In his final State of the Union address as President of the United States, Barack Obama appeared more like a man in the running for the job than somebody who will leave office a year from now.

Obama quickly dispatched immigration reform and other priorities he hopes to tackle with his time left in the Oval Office – even acknowledging they were unlikely to get accomplished while he occupies the White House – and instead seemed eager to challenge biting criticism from Donald Trump, Ted Cruz, Marco Rubio, Jeb Bush and other Republicans vying to be the next president.

Obama was at turns boastful and biting, confident and sarcastic.

Anyone who says the economy is declining is "peddling fiction," he argued. Obama characterized skepticism about science and reluctance to adopt technology as absurd. "When the Russians beat us into space, we didn't deny Sputnik was up there," he said. Claims that U.S. stature in the world is diminishing, he said emphatically, is "political hot air."

"The United States of America is the most powerful nation on earth. Period. It's not even close. It's not even close!" the president declared.

Obama’s quick remarks about issues important to the Latino community like immigration were met with a exasperation from Hispanic groups.

“The State of the Union needs to be more than just political theater,” the National Association of Latino Elected and Appointed Officials (NALEO) said in a press release. “Latinos and all Americans continue to wait for words to be turned into action on the key issues affecting their day-to-day lives. We need progress on policies that will improve the schools our students attend, create more job opportunities, bring the immigrant community out of the shadows and ensure the right to vote is accessible for all.”

The president's final turn at the Congressional podium was his most high-profile entry yet into the race to succeed him. After largely begging off the day-to-day skirmishes in the raucous contest, Obama showed he was more than ready to defend his record and happy to use one of his last chances to seize America's attention to show Democrats how he thinks it should be done.

Obama has more than his party's interest at heart.

His legacy will be shaped by whether Americans choose a Democrat to succeed him and cement his signature heath care law, environmental policies and immigration programs. Democrat Hillary Clinton has tried to put some distance between her campaign and the president — often saying she's not running for his third term. That has at times left Obama as his own best defender.

The White House had billed Obama's speech as a rethinking of the genre, and it delivered.

While he all but acknowledged the fact that immigration reform, raising the minimum wage and tightening gun laws were not likely to happen under his administration, Obama did highlight a few possible proposals with better chances — criminal justice reform and fighting prescription drug abuse.

"Who knows? We might surprise the cynics again," Obama said.

The flip comment was a reminder that the speech, like the president's final year in office, wasn't focused on Congress as much as on defending his accomplishments.

Obama took some clear shots at the cast of Republicans who've used him as a target for months.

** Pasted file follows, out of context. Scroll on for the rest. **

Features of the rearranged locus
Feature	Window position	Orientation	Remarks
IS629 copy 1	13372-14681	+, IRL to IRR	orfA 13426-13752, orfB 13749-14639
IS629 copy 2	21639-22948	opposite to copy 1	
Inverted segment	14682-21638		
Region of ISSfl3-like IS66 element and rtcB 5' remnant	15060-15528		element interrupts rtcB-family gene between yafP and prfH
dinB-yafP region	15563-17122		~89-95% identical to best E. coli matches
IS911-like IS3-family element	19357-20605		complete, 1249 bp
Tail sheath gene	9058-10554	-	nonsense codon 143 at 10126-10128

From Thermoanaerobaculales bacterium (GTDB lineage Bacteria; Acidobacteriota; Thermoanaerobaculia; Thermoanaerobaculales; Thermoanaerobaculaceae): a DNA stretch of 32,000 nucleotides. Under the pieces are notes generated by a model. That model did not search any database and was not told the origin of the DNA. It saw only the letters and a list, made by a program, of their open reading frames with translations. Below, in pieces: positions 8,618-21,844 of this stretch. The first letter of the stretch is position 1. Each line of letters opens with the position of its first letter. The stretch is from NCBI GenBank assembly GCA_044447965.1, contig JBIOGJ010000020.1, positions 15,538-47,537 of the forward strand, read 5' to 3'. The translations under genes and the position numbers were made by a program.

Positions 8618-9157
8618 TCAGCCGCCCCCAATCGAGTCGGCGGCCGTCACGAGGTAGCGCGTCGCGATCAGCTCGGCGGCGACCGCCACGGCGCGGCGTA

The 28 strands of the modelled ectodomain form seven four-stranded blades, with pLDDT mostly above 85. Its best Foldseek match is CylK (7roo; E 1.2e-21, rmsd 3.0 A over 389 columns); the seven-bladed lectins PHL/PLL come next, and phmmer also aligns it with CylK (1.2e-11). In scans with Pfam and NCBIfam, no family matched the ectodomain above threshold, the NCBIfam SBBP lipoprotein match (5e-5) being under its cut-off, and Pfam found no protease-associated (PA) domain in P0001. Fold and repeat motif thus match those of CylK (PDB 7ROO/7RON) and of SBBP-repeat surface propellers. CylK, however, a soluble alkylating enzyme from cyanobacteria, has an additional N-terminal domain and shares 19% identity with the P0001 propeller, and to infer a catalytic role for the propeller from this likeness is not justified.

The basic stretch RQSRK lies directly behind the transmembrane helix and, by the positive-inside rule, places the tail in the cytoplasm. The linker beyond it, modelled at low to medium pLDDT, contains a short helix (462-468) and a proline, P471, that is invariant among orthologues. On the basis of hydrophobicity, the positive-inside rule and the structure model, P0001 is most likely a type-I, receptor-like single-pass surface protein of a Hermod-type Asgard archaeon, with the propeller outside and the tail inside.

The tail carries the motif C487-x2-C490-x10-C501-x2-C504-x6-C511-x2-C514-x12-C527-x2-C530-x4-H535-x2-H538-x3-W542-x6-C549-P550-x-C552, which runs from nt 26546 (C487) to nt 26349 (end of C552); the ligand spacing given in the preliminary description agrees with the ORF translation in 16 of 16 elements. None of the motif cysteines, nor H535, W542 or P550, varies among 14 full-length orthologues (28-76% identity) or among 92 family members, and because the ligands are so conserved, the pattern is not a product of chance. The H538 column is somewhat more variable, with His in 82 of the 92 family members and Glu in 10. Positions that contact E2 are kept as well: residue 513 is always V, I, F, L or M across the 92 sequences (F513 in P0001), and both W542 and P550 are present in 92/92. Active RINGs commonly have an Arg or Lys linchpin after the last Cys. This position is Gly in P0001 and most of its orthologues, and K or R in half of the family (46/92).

He defended his handling of the rise of Islamic extremism and tried to temper anxieties about the Islamic State group.

"Over-the-top claims that this is World War III just play into their hands," Obama said. "We don't need to build them up to show that we're serious, and we sure don't need to push away vital allies in this fight by echoing the lie that ISIL is somehow representative of one of the world's largest religions."

With an expected audience of some 30 million viewers, the speech was Obama's first of two chances to take Americans squarely by the shoulders and make his case for a Democratic successor. Not until his speech at the Democratic convention this summer, will Obama likely have such undivided attention again.

The case he delivered was not new. The president and his aides have been marveling for months at what they described as Republicans' gloom-and-doom vision. White House officials have labeled it both inaccurate and bad politics. Some of his arguments echoed the case he makes to donors at fundraising events.

In trying to present an optimistic alternative, Obama's speechwriters were mindful of not taking a victory lap. Americans hardly share his confidence in America's upward trajectory, polls show. In touting the economic recovery, in particular, Obama risks seeming out of touch.

"The president's record has often fallen far short of his soaring words," South Carolina Gov. Nikki Haley said in the Republican response. "As he enters his final year in office, many Americans are still feeling the squeeze of an economy too weak to raise income levels. We're feeling a crushing national debt, a health care plan that has made insurance less affordable and doctors less available, and chaotic unrest in many of our cities."

But the president showed he was ready to rebut such comments — once Democrats pick a candidate and he is unleashed on the trail.

Until then, as he told his audience of lawmakers and candidates, he understands the hankering to get back to Iowa.

"I've been there," he said with a grin. "I'll be shaking hands afterward if you want some tips."

The Associated Press contributed to this report.

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